This review provided pooled and comparative analyses of the proportion of persons who were "adherent" across studies, stratified by data source (abstract or full-text), continent (North America or Africa), and adherence threshold used (100% to >80%). Multivariable random effects logistic regression was used to determine independent predictors of adherence; predictor variables included continent, adherence threshold used, clinic setting, and whether treatment was free or paid.


Meta-analysis revealed significant heterogeneity across studies. The combined analysis of data from all studies revealed an adherence of 64% (95% CI, 59%-70%), meaning that 64% of persons were adherent, based on whatever definition (adherence threshold) was used in each study. Pooled estimates from North American studies showed 55% of persons studied were adherent (95% CI, 49%-62%). A pooled adherence estimate from Africa studies showed 77% of persons were adherent (95% CI, 68%-85%). Independent predictors of adherence included African study, adherence threshold used (100% and 95%), using more than one adherence measure, and using MEMS.


The authors concluded that favorable levels of adherence can be achieved in sub-Saharan Africa. They state that concerns about suboptimal adherence are not supported by the data, and should not be used as a reason to delay access to treatment. However, these higher levels of adherence may be due in part to African individuals being on less complicated regimens, and being early in treatment. The initial experience of dramatic clinical improvement without the long-term side effects could be related to better adherence. Thus, these findings may not persist as access becomes more widespread.

Quality Rating

Based on the QUOROM grading system for systematic reviews, this analysis was of high quality. The main limitation of this analysis was the quality of the studies. There was a very wide range in how adherence was measured, little validation of measures, and many studies from Africa did not provide complete data (they were from abstracts).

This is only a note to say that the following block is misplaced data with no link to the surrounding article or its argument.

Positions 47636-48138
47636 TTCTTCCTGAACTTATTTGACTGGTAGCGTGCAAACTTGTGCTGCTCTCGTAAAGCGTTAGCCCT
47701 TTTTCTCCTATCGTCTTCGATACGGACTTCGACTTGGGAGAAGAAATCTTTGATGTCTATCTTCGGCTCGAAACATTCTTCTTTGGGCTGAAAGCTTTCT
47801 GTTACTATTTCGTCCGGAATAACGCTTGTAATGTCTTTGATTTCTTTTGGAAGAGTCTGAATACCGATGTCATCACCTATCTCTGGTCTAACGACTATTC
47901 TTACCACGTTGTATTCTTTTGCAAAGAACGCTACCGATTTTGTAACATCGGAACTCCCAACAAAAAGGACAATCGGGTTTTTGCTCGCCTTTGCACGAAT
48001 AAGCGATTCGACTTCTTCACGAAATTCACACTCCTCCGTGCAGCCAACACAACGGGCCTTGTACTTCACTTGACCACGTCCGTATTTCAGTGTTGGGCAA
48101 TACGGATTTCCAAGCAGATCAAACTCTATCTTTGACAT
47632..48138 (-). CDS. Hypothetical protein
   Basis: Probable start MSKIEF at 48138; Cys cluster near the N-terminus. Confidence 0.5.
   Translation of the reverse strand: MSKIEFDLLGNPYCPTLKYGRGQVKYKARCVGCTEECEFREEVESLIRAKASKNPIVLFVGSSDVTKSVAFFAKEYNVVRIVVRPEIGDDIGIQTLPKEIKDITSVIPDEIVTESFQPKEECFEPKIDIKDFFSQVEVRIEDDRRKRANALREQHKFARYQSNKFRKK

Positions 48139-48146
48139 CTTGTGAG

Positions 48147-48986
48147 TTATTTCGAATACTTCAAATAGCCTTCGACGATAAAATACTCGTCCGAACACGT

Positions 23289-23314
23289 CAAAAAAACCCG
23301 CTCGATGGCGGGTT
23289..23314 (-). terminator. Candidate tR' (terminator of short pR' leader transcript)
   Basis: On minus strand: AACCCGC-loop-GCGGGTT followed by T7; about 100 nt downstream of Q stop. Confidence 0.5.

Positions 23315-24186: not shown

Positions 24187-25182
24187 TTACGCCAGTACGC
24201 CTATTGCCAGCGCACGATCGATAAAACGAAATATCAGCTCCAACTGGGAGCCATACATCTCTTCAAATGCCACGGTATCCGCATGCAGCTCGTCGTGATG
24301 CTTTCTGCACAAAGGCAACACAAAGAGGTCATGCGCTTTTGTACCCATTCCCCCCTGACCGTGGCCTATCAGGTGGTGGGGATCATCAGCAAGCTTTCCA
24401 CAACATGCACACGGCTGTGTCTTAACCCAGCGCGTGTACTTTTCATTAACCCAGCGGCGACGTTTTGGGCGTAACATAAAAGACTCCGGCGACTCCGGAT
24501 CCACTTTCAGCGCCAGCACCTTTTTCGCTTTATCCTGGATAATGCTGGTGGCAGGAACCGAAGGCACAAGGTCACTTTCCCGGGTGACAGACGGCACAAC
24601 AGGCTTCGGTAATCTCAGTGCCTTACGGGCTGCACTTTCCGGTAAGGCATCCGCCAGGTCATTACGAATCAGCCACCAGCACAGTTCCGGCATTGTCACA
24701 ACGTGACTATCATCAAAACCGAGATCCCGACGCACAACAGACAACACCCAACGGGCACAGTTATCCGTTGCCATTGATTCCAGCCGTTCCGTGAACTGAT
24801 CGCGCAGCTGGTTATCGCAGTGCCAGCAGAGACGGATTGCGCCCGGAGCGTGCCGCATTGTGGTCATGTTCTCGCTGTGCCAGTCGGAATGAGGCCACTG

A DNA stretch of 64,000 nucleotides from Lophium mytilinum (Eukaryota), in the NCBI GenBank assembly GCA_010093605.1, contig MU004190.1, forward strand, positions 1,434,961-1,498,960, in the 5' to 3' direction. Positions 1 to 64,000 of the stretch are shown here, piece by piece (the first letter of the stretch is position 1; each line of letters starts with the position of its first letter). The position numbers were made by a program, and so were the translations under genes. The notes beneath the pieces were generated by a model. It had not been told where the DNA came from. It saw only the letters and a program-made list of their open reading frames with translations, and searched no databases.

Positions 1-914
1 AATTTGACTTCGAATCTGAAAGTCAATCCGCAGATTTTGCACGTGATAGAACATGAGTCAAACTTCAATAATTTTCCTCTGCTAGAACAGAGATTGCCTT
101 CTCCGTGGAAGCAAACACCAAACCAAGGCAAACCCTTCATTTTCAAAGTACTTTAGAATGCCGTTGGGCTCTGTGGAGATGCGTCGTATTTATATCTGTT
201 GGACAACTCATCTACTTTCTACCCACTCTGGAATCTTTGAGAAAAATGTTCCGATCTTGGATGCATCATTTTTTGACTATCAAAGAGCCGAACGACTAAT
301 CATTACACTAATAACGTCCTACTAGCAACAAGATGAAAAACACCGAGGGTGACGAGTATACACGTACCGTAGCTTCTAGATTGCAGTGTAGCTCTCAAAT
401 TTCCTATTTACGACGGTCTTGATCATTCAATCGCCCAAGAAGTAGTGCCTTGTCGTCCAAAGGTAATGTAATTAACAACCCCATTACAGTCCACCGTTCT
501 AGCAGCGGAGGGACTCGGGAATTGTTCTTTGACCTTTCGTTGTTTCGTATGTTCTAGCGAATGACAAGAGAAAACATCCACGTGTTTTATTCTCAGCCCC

In Context - Reviewer Comment

This is the first meta-analysis of adherence data from sub-Saharan Africa, and comparing it to data from the US and Canada. There has been no evidence to indicate that adherence in resource-poor settings is significantly worse than in regions where antiretroviral therapy (ART) is widely available or healthcare infrastructure more established. Data from homeless HIV-infected persons in San Francisco indicate that even though adherence may be only 80%, clinical improvement can occur. This review and meta-analysis excluded the vast majority of those high-risk persons (such as MSM and IDU) who are on ART in North America. The population of heterosexual or mixed gender populations may or may not be more similar to African populations.

Programmatic Implications

The findings of this analysis argue against the concern that poor adherence in Africa would be a rationale for delaying the expansion of ART programs. However, this does not mean that evaluation of adherence, and interventions to improve and maintain high levels, should not be instituted in African settings. Both are still required. Ensuring reliable drug supply and distribution networks are also important in maintaining high ART adherence rates.